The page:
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Thoughts On Frost's Lockless Door

Updated on August 3, 2022
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LA is a creative writer from the greater Boston area of Massachusetts.

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Unwanted Reminder

It went many years,
But at last came a knock,
And I thought of the door
With no lock to lock.

I blew out the light,
I tip-toed the floor,
And raised both hands
In prayer to the door.

But the knock came again.
My window was wide;
I climbed on the sill
And descended outside.

Back over the sill
I bade a 'Come in'
To whatever the knock
At the door may have been.

So at a knock
I emptied my cage
To hide in the world
And alter with age.

When I read the poem, The Lockless Door by the American poet, Robert Frost, I always get the same image in my head. The speaker is sitting at home, reading a book (at least in my interpretation). He is drinking a cup of tea, enjoying the silence of the room. His life is going smoothly. He has had one good day after another. It is an ordinary night until there is a knock at the door. Once calm, the speaker now has a rock in his stomach. As with all of us, when we are about to be met with the one thing we’ve always dreaded, we can feel it. It even has a certain smell. You could be preoccupied with all of the worries of the world, but when it arrives, you can’t deny it. You are overpowered with the urge to run.

In the first stanza, the speaker informs us that for many years he’s avoided the person, the emotion, the idea that’s now at his door/the door of his mind. Having become comfortable in his current lifestyle, he has forgotten to keep his guard up. Sensing this, the object of avoidance has come to collect. You can see the speaker staring at the door, the years that have passed flying before his eyes. His mouth is dry. His palms are sweaty. He’s going to be sick.

The following stanza is a relatable one. We have all acted out this stanza at one point in our lives. To appear that he is not home, he turns off the light. Unable to contain his curiosity, he tiptoes to the door, trying to make as little noise as possible. Making one final plea to be spared from what is to come, he prays. We all have said this pray. It’s the one that starts, “God, if you make this bad thing go away, I’ll (insert bargaining chip here).”

The object of avoidance grows impatient. It knocks at the door, reminding the speaker that the minutes of his current lifestyle are numbered. Realizing that there is one final way he can remain unchanged, he hops out the window. This is the point when we think we have a chance to return to the minutes before our lives were interrupted, but really don’t.

The speaker’s common sense awakens in the fourth stanza. He is going through too much trouble to avoid the inevitable. If he escapes this time, the object of avoidance will only hunt him down again. Right along with the speaker, we realize that our lives are simpler when we meet problems head on from the start.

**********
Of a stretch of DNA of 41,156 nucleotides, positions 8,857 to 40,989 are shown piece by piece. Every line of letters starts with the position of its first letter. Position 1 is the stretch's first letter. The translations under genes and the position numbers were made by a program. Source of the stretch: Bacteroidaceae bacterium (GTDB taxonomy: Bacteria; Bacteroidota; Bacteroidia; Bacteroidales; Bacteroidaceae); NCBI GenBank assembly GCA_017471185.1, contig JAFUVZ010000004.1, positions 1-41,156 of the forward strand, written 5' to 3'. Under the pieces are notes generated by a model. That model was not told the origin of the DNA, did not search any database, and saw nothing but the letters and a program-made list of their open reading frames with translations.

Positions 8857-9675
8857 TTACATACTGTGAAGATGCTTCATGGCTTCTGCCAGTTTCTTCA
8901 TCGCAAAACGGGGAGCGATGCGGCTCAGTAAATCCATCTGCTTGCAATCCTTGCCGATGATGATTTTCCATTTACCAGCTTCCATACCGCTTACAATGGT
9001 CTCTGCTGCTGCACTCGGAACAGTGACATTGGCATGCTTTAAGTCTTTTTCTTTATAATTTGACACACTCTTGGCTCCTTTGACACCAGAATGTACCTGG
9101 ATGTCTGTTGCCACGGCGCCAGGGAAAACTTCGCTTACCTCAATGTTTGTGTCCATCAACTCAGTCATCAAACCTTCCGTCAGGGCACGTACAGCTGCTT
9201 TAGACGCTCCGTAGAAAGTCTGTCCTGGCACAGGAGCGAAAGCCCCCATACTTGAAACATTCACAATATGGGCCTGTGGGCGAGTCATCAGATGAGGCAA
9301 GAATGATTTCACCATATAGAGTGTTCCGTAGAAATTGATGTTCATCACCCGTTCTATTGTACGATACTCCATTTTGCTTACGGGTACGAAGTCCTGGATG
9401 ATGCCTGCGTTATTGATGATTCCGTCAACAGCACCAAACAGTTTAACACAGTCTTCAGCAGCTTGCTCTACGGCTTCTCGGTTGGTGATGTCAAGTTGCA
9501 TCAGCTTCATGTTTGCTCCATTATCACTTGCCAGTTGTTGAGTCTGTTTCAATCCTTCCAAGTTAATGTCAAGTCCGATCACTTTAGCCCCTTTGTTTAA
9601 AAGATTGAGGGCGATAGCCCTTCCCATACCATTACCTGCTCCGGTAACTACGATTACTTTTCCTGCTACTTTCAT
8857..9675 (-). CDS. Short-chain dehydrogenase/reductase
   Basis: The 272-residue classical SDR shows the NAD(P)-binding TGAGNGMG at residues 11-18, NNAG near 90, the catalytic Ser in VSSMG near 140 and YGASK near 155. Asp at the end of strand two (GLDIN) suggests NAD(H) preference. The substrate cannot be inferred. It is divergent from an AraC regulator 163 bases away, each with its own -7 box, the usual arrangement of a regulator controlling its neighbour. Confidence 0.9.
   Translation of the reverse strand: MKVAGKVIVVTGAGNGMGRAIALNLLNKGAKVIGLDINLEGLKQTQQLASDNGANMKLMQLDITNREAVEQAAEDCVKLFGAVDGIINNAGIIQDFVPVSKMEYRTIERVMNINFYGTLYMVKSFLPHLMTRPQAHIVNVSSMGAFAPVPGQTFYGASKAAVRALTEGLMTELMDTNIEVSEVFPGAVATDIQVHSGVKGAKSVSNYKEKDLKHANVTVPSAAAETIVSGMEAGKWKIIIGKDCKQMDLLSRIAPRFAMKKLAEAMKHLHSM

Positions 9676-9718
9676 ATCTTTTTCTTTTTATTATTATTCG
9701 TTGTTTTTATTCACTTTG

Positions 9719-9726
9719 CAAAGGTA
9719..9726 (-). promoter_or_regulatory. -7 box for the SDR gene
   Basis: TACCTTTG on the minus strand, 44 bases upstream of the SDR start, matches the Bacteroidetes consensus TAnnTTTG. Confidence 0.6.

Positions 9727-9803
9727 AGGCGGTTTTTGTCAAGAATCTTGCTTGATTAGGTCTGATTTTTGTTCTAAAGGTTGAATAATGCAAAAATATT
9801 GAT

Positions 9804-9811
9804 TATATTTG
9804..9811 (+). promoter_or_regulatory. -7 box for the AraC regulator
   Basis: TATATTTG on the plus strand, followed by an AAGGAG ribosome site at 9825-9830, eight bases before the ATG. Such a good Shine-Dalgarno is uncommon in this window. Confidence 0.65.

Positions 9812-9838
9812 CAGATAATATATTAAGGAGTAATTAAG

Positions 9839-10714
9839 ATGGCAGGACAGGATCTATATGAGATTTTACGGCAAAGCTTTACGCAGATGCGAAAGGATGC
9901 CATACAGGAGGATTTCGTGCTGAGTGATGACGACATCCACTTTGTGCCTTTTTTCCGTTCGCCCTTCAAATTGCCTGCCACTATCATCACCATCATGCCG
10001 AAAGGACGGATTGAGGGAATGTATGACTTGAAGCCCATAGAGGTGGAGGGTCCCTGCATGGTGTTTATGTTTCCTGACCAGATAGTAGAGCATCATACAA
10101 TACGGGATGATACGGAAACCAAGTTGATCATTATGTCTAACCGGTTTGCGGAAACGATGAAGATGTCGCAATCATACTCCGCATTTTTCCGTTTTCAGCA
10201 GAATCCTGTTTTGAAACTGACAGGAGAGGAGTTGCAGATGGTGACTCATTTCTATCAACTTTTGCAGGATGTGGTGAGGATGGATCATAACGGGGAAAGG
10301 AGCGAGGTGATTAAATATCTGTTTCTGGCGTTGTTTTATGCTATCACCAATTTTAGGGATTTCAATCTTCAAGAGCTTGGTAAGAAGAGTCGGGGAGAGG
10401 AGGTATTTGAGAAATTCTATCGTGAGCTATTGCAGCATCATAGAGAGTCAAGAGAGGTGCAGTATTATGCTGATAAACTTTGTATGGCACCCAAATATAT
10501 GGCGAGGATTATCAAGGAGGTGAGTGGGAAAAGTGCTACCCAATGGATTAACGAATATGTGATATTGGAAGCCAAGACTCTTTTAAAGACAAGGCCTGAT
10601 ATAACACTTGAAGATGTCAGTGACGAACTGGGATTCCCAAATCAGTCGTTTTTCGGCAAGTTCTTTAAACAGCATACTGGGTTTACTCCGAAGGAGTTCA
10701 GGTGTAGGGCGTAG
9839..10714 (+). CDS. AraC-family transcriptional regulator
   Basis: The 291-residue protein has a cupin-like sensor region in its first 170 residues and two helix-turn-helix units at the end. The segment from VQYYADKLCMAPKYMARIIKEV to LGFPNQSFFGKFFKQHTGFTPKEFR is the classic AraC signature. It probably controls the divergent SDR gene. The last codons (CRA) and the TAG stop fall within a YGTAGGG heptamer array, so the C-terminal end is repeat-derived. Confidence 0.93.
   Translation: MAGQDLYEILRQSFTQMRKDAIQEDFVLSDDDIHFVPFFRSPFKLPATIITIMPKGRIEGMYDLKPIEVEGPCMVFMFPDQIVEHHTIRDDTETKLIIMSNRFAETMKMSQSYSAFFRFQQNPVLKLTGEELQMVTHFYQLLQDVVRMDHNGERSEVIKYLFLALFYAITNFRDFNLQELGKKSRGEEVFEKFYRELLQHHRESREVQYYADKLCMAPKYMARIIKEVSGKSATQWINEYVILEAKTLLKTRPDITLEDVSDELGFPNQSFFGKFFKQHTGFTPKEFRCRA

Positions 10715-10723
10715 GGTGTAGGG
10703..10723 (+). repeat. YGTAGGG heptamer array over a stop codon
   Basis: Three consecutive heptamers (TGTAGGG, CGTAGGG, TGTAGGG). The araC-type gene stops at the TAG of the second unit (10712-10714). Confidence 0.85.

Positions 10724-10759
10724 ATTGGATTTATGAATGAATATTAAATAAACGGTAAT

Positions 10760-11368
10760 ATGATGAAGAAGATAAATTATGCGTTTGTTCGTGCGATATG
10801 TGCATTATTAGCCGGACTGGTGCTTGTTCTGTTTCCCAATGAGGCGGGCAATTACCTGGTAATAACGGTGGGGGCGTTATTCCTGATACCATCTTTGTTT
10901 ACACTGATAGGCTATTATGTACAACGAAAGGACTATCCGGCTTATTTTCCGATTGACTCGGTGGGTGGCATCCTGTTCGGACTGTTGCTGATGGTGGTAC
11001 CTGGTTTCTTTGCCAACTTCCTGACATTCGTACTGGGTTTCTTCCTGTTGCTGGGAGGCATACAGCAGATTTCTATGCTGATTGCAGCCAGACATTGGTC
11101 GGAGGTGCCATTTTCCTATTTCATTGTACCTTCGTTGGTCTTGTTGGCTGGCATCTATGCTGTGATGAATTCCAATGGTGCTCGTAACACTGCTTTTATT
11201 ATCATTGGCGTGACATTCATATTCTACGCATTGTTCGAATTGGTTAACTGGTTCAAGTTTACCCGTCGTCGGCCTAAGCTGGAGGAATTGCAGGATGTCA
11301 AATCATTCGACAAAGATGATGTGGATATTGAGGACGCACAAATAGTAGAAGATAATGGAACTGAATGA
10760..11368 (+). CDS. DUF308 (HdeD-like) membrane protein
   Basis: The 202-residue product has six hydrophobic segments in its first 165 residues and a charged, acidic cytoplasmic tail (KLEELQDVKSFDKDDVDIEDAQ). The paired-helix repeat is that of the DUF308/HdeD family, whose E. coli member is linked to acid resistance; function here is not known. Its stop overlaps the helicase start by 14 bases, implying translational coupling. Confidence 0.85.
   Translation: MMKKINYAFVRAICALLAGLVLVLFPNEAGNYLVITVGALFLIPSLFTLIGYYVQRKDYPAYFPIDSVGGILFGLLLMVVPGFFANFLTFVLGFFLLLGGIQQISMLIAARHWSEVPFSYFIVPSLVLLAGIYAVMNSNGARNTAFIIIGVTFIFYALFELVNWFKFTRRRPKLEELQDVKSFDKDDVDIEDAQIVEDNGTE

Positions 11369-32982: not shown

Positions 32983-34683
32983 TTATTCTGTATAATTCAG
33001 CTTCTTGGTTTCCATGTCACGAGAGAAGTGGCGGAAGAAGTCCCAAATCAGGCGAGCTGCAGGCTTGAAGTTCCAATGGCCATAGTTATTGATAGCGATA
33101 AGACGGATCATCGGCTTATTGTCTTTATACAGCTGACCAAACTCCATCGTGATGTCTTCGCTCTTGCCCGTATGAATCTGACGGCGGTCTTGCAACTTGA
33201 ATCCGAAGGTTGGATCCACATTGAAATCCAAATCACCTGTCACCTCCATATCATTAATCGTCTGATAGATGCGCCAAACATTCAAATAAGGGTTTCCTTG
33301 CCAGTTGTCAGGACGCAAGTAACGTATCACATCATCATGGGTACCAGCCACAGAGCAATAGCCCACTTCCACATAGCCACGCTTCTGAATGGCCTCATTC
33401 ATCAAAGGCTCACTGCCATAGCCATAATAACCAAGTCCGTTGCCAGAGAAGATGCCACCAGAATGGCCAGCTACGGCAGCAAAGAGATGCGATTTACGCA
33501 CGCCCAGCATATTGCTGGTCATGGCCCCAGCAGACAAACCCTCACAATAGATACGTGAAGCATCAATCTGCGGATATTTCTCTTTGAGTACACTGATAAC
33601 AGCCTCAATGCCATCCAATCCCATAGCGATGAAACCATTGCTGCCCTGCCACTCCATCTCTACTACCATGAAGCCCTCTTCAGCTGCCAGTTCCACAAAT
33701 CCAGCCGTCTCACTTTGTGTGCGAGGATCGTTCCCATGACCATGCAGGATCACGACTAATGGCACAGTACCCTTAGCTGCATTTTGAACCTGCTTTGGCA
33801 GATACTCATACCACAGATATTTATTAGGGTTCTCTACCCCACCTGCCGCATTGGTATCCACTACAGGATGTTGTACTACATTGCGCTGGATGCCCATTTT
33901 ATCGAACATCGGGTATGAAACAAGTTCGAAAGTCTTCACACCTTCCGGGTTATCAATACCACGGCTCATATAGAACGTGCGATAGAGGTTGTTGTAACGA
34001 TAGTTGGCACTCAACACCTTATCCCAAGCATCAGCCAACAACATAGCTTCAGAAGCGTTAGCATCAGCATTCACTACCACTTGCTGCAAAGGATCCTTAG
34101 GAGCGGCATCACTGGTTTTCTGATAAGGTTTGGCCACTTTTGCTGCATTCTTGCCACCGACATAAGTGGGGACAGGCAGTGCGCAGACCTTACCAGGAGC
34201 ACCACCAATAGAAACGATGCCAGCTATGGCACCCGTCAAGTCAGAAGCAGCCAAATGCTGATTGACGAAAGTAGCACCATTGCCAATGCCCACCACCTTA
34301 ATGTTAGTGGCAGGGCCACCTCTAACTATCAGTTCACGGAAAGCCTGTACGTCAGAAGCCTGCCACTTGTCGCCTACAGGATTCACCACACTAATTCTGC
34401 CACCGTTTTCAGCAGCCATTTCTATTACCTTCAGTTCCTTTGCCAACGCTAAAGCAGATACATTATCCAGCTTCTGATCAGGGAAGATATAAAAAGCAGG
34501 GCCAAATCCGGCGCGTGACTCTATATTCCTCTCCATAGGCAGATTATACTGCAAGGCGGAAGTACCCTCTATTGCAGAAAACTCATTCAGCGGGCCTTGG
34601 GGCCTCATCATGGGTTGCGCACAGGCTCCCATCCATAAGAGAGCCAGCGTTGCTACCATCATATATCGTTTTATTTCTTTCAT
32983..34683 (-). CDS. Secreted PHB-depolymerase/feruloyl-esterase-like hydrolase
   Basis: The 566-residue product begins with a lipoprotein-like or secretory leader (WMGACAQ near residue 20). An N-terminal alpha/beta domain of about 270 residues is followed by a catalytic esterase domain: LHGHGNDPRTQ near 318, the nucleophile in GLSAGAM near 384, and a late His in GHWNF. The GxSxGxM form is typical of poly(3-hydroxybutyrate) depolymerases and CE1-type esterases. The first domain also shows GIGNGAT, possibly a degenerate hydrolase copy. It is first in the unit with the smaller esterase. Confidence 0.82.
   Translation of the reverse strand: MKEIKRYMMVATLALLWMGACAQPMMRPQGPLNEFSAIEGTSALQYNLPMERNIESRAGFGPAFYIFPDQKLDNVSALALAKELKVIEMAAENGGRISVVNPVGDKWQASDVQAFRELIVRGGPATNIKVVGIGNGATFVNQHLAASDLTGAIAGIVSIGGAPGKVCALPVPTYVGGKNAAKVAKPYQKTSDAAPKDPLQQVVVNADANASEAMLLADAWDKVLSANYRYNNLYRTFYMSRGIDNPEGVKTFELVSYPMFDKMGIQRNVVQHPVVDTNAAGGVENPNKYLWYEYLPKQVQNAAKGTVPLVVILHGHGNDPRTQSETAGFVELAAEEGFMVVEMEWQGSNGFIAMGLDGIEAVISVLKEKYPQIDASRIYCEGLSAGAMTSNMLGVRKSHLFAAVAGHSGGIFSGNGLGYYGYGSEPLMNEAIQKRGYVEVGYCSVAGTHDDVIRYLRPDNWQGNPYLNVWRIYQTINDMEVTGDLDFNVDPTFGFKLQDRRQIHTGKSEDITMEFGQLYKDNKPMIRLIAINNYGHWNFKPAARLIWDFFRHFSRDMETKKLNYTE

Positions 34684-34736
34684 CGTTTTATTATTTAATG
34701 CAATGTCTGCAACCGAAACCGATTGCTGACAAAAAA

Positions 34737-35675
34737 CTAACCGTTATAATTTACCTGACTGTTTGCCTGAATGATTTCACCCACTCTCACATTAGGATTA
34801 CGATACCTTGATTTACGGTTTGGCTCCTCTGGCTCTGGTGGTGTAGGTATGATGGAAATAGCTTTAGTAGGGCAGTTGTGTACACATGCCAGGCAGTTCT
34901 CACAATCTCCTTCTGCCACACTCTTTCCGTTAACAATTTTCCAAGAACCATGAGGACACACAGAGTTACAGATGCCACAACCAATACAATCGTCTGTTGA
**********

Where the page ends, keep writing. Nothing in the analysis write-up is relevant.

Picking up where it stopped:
The final stanza is about coming terms with what we have long avoided. The speaker has been avoiding aging, wasting years “in a cage,” not really living because he was too afraid that the real world with all of its stresses would cause him to age. He can hide from people just as easily pretending he’s not. He only has brought unwanted attention to himself by being an emotional hermit.

Like the speaker, we often find ourselves hiding from what we know we shouldn’t hide from. We have a problem with a family member so instead of trying to resolve the problem immediately, we repeatedly digest it, magnify it, lose sleep and get sick. Although it is uncomfortable to speak candidly with some people, it’s more uncomfortable to not. It wears on you over time. Life is stressful enough without the unnecessary stress brought on by miscommunication and avoidance.

Frost’s poem reminds us that one’s life is what you make of it. While it’s tempting to live your life oblivious to all, you can’t do that forever. This poem reminds us of the phrase “your past comes back to haunt you.” This knock is every person we’ve left behind. It’s the love interest you meant to reconcile with, but never did. It’s the teacher who said you had potential at the point in your life when you just wanted to hang out with your friends. It’s the doctor who told you to take better care of yourself in your twenties because your body ages when you’re not looking. We live our lives simply, forgetting that this reminder exists until they are in front of you. This poem was written, I’m sure, for every person who hates spending time in places they used to hang out at for fear of seeing someone they once knew. This poem puts into the words that feeling you get in your stomach at 3 a.m.

This content reflects the personal opinions of the author. It is accurate and true to the best of the author’s knowledge and should not be substituted for impartial fact or advice in legal, political, or personal matters.

© 2009 L A Walsh


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